Do you remember what kept you standing in
front of an arcade machine every day after school during the
days of frogger, pong, and galaxian? Unless you are a geek
who likes the warmth of radiation emanating from the 4-color
arcade screens, you were probably interested in beating the
high score set by khhga.
While this tutorial will not cover how to
create a killer game like galaxian, tetris, or pacman, this
tutorial will introduce you to the world of scoring in
Flash. Click on the green and red circles in the following
animation for an example of what you will create in this
[ click the green and red circles to
increase/decrease the total score ]
Adding/Decreasing Score: The following steps will guide you in
creating something very similar to the above animation:
For this tutorial, you will edit a movie
that I already created. The partial source file will
contain the basic interface and nothing else. You will add
all the good ActionScript and text fields yourself by
following the instructions below. Click here: Download Partial
Once you have downloaded and opened the partial source
file in Flash MX, let's move on, shall we? We first need a
method of displaying the score; that's where a text field
will comes in.
Click the Text Tool icon and draw a text box to the right
of the Score caption in the drawing area:
[ draw a text field to
the right of the score caption ]
Once the text field is drawn, look at the Properties panel.
Make sure the text field you just drew is selected, and
select the Dynamic Text selection from the drop-down menu.
From the Properties panel, again, set the font to Verdana
size 10. Select a dark-gray color from the color picker.
Your Properties panel should look like the following image:
[ draw the
text field ]
Now that you have your Input text field drawn, let's modify
it's properties. Select the Input text field you just drew.
The Properties panel should appear with options for you to
work with. From the Properties panel, ensure that the font
is Verdana size 10.
properties panel for the dynamic text field ]
We are not quite done modifying the text properties for the
dynamic text field. From the Properties panel, locate the
Var input field. In that box, enter the word: total
[ add the value of 'total' in
the Var field ]
With the text field done, it is time to add the actions.
Right click on the green button and select Actions. The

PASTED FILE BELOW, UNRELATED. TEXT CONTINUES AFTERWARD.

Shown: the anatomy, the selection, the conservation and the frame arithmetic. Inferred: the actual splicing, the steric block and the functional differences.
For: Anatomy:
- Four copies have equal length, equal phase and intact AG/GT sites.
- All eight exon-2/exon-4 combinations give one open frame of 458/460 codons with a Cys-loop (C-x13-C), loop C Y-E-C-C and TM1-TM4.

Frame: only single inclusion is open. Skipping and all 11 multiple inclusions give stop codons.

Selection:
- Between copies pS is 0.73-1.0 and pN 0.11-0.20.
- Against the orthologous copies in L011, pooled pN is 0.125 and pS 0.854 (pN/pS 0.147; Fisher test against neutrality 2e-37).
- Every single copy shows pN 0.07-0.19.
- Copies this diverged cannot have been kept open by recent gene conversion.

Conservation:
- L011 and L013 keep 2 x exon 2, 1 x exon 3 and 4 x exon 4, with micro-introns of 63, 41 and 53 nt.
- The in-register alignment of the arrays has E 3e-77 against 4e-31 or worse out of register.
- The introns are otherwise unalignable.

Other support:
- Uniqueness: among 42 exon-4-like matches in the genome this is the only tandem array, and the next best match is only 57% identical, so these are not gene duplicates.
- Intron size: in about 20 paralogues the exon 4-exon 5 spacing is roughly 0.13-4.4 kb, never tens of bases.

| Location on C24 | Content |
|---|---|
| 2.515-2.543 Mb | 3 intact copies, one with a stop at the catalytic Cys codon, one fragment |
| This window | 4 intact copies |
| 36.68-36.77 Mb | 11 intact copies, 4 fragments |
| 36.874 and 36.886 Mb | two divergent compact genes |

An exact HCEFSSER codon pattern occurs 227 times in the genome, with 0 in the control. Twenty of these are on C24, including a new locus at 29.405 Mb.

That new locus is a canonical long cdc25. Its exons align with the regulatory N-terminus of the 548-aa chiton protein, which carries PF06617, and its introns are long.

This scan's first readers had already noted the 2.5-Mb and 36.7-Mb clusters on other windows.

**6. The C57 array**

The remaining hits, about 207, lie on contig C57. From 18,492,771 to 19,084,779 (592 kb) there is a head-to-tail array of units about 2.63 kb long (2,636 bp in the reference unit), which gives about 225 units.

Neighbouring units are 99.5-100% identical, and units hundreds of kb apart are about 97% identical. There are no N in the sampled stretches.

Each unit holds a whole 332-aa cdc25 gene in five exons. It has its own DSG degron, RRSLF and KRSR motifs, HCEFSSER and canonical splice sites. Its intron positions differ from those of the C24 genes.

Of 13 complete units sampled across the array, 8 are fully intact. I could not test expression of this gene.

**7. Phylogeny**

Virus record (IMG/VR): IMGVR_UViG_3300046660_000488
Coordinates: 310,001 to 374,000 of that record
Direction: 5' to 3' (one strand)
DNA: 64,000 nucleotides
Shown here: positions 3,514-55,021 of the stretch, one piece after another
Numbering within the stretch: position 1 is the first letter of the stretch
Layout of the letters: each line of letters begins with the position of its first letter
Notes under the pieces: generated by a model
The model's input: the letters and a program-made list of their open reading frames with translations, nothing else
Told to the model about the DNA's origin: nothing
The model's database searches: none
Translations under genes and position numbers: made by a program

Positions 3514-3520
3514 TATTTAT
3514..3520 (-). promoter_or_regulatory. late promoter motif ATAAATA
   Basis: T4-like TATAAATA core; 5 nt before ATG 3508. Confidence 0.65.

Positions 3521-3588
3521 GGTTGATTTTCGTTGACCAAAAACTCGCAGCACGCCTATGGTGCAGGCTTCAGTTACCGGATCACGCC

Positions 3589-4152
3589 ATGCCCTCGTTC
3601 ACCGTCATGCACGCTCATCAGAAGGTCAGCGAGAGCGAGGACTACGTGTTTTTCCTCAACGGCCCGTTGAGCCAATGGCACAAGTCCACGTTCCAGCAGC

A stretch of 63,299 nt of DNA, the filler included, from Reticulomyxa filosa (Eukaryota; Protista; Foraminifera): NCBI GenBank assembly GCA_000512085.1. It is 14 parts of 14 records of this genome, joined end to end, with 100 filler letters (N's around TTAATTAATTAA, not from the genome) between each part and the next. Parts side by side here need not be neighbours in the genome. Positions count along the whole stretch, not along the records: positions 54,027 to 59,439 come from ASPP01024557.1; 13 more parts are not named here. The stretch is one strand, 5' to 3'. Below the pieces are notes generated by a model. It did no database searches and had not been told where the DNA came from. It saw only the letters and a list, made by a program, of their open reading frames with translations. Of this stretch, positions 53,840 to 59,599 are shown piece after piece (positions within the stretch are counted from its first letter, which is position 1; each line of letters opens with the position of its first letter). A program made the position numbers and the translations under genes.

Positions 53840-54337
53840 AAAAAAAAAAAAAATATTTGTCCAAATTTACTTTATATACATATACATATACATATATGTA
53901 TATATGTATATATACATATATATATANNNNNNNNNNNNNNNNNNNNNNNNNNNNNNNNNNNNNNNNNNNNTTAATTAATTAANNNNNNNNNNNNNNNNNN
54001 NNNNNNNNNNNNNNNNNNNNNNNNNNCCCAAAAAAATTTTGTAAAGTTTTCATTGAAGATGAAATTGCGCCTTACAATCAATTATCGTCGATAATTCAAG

Actions-Button dialog box will appear. Copy and paste the
following code into the right panel:
Now, right click on the red button and select Actions. The
Actions-Button dialog box will appear again. Copy and
paste the following code into the right side of the
Actions-Button dialog box:
You have just added to sections of code for both of the
buttons. Test your movie out and see how it works.
Pressing the green button causes the total score to
increase by 100 while pressing the red button causes the
score to decrease by 75.
Why the Animation Worked the Way it
Even though the code and animation are quite
self-explanatory in their use in the grand scheme of this
tutorial, I will furnish you with a brief run-down of what
occurs in the animation.
animation loads, the user sees the two buttons and clicks on
the red button. When the red button is pressed, the
on (release) handler of the
button becomes activated. The code it contains also becomes
activated. The line _root.total....
subtracts 75 from the value for _root.total
which is, by default, zero.
The value of
displayed in the text field with the var name of total. So
where the _root part come
from? _root basically points
to the location in the animation that the variable
total is stored.
_root is the very lowest
level of hierarchy in the animation. All animations start
from _root and move onto the various movie clip levels such
The code in the
red button is called a "decrementer" because the initial
value decreases by a certain amount (in this case 75). The
code in the green button is called an "incrementer" because
the value of the variable total
increases (in this case by 100).
If you were stuck during any
portion of this tutorial, I have provided a partial source
file for you to compare my version of the animation to that
If you have questions, need some assistance on this topic, or just want to
chat - please drop by our friendly forums
and post your question. There are a lot of knowledgeable and witty people who
would be happy to help you out. Plus, we have a
large collection of smileys
you can use
Did you enjoy reading this and found it useful? If so, please share it with
If you didn't like it, I always like to hear how I can do better next time.
Please feel free to contact me directly at kirupa[at]kirupa.com.